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Two beleaguered L.A. county sheriff's captains retire

One is suspected of giving secret information to an alleged drug trafficker, and the other allegedly protected violent jailers.

January 03, 2013|By Robert Faturechi, Los Angeles Times

Two embattled Los Angeles County sheriff's captains have retired, including one suspected of funneling secret information to an alleged drug trafficker and another who allegedly protected brutal and dishonest jailers.

Suspicions were sparked about Bernice Abram, who ran the sheriff's Carson station, after she was overheard on a federal narcotics wiretap talking to an alleged Compton drug trafficker. Abram, who had more than 150 deputies under her command, was overheard alerting a member of the Original Front Hood Crips to planned sheriff's operations in his area.

The district attorney's office chose not to file charges against her, saying they couldn't prove she knew the man was involved in illegal activities, but a prosecutor's memo showed Abram was using her post to help the gang member avoid law enforcement scrutiny.

In one call, after the alleged drug trafficker was arrested by a sheriff's deputy, Abram was overheard ensuring him that the case wouldn't be filed. "I told someone he'd better take care of it," she told him.

Abram met the gang member, Dion Grim, after she began dating his father. Grim has since been arrested by federal authorities, who accused him and members of his alleged ring of moving drugs across the country. Grim has pleaded not guilty.

Abram has repeatedly declined to comment to The Times, except for one instance in which she claimed she'd never heard of Grim. Though local prosecutors declined to file charges against her, an FBI spokeswoman told The Times last year that a federal probe is ongoing.

Daniel Cruz, the former captain at Men's Central Jail, also retired. He was running the downtown Los Angeles lockup when sheriff's officials said there were problems with deputy cliques and inmate abuse.

Internal memos obtained by The Times found that Cruz's jailers crafted narratives "dramatized to justify" force. Authorities concluded that some confrontations with inmates were triggered by deputies who thought inmates had acted disrespectfully to them — showing "contempt of cop." Other documents showed that the department had some of its least experienced deputies guarding its most dangerous inmates on the third floor of the Men's Central Jail, a practice the memo linked to more frequent clashes on that floor than in any other part of the jail.

During Cruz's tenure, sheriff's officials said an aggressive, gang-like clique formed on the third floor. The group's existence became public after some of its alleged members fought co-workers at a department party.

In testimony before a county commission created as a result of the jail abuse scandal, Cruz was accused of protecting violent jailers. One of his former lieutenants testified that Cruz resisted rooting out jailer misconduct and allowed force investigations to languish. The lieutenant alleged that, during a toast at a department Christmas party, the captain even joked about hitting inmates.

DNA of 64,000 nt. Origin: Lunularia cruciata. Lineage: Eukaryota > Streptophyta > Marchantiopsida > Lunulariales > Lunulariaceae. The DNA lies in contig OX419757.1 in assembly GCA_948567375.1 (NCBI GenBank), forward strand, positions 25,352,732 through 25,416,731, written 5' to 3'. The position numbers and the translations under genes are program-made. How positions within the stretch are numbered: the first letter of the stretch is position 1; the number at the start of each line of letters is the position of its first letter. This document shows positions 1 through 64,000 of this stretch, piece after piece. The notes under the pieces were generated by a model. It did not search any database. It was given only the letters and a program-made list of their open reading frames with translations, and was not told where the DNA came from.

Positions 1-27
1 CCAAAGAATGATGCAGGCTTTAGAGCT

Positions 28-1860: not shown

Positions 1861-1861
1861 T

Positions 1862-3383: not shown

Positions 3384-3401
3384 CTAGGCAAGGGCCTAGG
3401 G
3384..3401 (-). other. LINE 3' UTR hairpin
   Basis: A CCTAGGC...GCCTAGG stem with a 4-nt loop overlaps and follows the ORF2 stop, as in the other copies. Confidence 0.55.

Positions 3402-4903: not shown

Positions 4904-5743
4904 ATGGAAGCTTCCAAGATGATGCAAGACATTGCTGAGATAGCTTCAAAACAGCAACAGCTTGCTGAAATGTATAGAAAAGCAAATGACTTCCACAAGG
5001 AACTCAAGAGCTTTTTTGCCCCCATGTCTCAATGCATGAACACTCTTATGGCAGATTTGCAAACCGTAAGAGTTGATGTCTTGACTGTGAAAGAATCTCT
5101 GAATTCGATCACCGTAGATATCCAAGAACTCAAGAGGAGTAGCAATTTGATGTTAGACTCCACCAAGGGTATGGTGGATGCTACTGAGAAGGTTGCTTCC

In another instance, the lieutenant described a roomful of supervisors watching footage of deputies beating an inmate. The video showed one jailer casually leaning against a door frame, occasionally landing knee drops into the prisoner's torso. The lieutenant said Cruz turned to the other jail supervisors and said: "I see nothing wrong with that use of force."

The lieutenant also said that after jailers got into an off-duty brawl with patrons at a brew house in West Covina, Cruz told him, "Don't look too hard" into what had happened.

In an interview with The Times last year, Cruz — on leave at the time during an internal investigation — said the allegations were untrue, but he declined to go into specifics. He accused his critics of wanting "to be in the limelight" and said he looked forward to returning to work.

But reached last month, he said he could not "confirm or deny" that he was retiring, telling a Times reporter "it's none of your business ... it's not anyone's business." Cruz's retirement marks the third top sheriff's official who has left the department after being implicated in the jail abuse scandal that broke out in 2011. An FBI investigation into deputy misconduct in the jails is ongoing.

Because neither Cruz nor Abram have been convicted of a crime, both retirees are now expected to receive their taxpayer-funded pensions. Sheriff's spokesman Steve Whitmore declined to comment on whether the captains retired because of the allegations against them.

"Both performed admirably," he said, "when you look at the entire career."

robert.faturechi@latimes.com

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